Research ethics preparedness during outbreaks and public health emergencies: Focus on community engagement.

Raffaella Ravinetto, Joyce Adhiambo, Joshua Kimani

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Abstract

Research represents an essential component of the response to infectious disease outbreaks and to other public health emergencies, whether they are localised, of international concern, or global. Research conducted in such contexts also comes with particular ethics challenges, the awareness of which has significantly grown following the Ebola outbreak in West Africa, the Zika outbreak in Latin America and the COVID-19 pandemic. These challenges include the need for implementing meaningful community engagement with the researched communities, not just to build unidirectional trust towards the research team, but to achieve a genuine and mutually respectful partnership before, during and after the research. Here, we describe the real-life experience of 10 well-established research clinics in Nairobi, where a successful experience of community engagement linking prevention and care to research was interrupted during the COVID19 pandemic. We contrast this experience with the concept and processes of community engagement as described in selected scientific manuscripts and guidelines, to formulate some conclusions and recommendations. We contend that more action is needed, from research ethics committees and other key-research stakeholders, to align policies and practices with ethics guidance and with evidence-based recommendations from the academic literature, to achieve meaningful community engagement during emergency research, irrespective of the scale and location of an outbreak or public health crisis. Failure to do so, will aggravate the (postcolonial) asymmetries of power in global health and local systems.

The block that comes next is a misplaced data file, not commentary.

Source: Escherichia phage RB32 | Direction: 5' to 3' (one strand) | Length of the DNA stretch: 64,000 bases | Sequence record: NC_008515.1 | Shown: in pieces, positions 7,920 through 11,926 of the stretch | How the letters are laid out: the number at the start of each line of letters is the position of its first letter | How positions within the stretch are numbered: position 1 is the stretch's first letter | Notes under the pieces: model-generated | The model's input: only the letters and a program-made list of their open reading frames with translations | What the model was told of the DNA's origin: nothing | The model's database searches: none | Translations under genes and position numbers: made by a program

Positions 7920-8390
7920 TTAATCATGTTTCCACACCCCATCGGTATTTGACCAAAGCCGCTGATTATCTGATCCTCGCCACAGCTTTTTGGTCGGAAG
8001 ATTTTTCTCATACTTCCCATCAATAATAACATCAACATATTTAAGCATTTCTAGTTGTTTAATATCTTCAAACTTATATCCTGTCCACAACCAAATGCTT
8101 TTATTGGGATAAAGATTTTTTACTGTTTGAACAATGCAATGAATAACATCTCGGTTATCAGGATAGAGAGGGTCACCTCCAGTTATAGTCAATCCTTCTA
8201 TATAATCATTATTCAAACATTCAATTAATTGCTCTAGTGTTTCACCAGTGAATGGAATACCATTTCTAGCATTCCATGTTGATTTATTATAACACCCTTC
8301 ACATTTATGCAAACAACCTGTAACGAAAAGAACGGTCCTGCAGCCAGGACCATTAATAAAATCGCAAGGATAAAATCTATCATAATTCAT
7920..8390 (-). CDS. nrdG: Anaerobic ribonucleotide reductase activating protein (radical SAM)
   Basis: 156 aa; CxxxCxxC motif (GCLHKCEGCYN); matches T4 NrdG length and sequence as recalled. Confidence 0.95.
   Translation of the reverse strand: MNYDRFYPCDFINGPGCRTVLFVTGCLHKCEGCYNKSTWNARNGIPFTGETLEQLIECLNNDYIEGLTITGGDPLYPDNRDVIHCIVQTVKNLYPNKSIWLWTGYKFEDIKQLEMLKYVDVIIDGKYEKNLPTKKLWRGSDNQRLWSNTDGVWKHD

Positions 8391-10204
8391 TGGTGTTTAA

Original languageEnglish
JournalResearch Ethics
ISSN1747-0161
Publication statusE-pub ahead of print - 2024

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